NIAGARA FALLS – Niagara Falls Police Superintendent John R. Chella is retiring at the end of the year.
And this time, he means it.
Chella, 63, who has been with the Niagara Falls Police Department for 42 years, thought he was leaving at the end of last year. But when he learned that his benefits – which accounted for almost 30 percent of his salary – would not be used to calculate his pension, he delayed his departure for another year.
Chella earned a base salary of $85,800 as chief, a post he held for nine years, but collected a total of $125,000 with benefits. New York State Retirement administrators had said they rejected his projected salary because it was a verbal, not a written agreement.
He said now that everything is approved in writing, he is ready to leave and ready to provide his replacement with some advice: Do not think of this position as a desk job.
“He or she needs to make sure they don’t stay in this office. They need to go to every event, every meeting. Everything you are invited to, you need to try and go to, because you solve a lot of the little fires that crop up between the police and the community. These things can be put out through communication,” he said.
Chella told The Buffalo News that he has someone in the department in mind for the job but cautions that it is not his call, rather Mayor Paul A. Dyster’s final decision.
“I don’t want to put any more pressure on him now than he already has,” Chella said when he announced his decision last week.
Pressure will not be in short supply for the next chief, who will take office with several high-profile crimes still fresh in the public’s mind. Notably a 2-year-old was shot in the face in a drive-by shooting this month, and a week later another “payback shooting” was reported, though no one was injured; on Aug. 27, 5-year-old Isabella Tennant was murdered and found stuffed in a garbage can; soon after Loretta J. Gates was found dead, her body found dismembered in September; Luis A. Ubiles was shot and killed by a relative near his home on Sept. 25; there have also been a number of armed robberies and shootings reported.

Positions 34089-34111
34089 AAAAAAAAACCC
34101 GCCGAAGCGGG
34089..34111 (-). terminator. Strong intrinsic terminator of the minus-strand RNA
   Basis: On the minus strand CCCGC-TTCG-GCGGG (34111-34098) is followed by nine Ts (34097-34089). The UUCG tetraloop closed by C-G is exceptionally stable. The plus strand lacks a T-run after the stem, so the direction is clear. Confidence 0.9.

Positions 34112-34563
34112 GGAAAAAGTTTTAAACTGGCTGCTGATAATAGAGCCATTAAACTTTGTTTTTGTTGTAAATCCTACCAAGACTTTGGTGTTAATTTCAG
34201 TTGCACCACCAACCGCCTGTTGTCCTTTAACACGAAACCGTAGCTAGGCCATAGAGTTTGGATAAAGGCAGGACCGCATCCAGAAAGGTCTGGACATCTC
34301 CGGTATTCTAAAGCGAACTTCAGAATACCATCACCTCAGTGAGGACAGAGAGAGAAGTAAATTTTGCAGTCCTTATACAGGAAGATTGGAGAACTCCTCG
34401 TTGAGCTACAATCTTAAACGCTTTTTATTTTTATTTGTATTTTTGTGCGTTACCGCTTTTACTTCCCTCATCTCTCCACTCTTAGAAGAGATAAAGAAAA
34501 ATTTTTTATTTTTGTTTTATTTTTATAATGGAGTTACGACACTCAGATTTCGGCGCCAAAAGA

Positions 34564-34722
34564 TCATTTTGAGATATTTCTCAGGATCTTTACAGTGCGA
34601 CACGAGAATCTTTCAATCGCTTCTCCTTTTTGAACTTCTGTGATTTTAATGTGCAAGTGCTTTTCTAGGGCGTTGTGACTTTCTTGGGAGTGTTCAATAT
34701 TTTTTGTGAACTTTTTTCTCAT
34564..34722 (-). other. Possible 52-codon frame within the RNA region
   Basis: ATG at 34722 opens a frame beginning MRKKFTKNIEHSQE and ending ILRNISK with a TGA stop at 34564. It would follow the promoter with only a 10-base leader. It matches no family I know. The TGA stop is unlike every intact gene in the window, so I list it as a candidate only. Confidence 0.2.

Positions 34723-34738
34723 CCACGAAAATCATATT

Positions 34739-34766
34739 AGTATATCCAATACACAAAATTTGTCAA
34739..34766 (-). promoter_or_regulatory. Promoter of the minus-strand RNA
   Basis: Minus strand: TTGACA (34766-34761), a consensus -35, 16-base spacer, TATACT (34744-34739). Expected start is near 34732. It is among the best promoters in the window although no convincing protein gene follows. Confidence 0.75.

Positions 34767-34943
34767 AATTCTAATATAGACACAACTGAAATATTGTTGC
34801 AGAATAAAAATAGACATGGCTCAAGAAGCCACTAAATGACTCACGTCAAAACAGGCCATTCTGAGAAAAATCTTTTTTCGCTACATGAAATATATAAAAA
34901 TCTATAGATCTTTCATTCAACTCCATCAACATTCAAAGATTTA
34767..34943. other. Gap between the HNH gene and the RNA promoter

“We are doing OK in a lot of areas, but it is the horrific incidents that people look at in Western New York and say, ‘Look at Niagara Falls.’ ” Chella said. “One homicide is one too many, but when it is sensational it stays in the press much longer. It is unfortunate that [these] incidents portray us unjustly in a light that is not deserving.”
Chella’s wife, Susan, wrote to The Buffalo News to remind readers that her husband has been available to the city and community whenever he is needed, 24 hours a day, seven days a week.
He has been honored for his role with the city, working his way up from patrolling the streets on foot to working his way up the ladder in narcotics for 21 years, from patrol to detective to lieutenant to chief.
Chella has been credited for expanding the role of community policing, reaching out to neighborhood groups, working with other police agencies and using the state-funded Operation IMPACT, which employs a computerized data program to focus department resources where they are needed most.
Now the federal government will focus funds in a similar way, announcing a partnership last month that will bring federal experts to the city to analyze crime trends and help local officials develop plans to decrease both violent and petty crimes.
Chella’s work with the community has been noticed.
“He’s kind of been like the people’s chief,” said Sheriff James R. Voutour when Chella first announced his retirement. “He used a very good theory of law enforcement – get the community involved.”
Administrative Capt. John DeMarco has been tapped to serve as the interim superintendent. DeMarco said he plans to retire in the spring and will hold the job until the city picks a successor.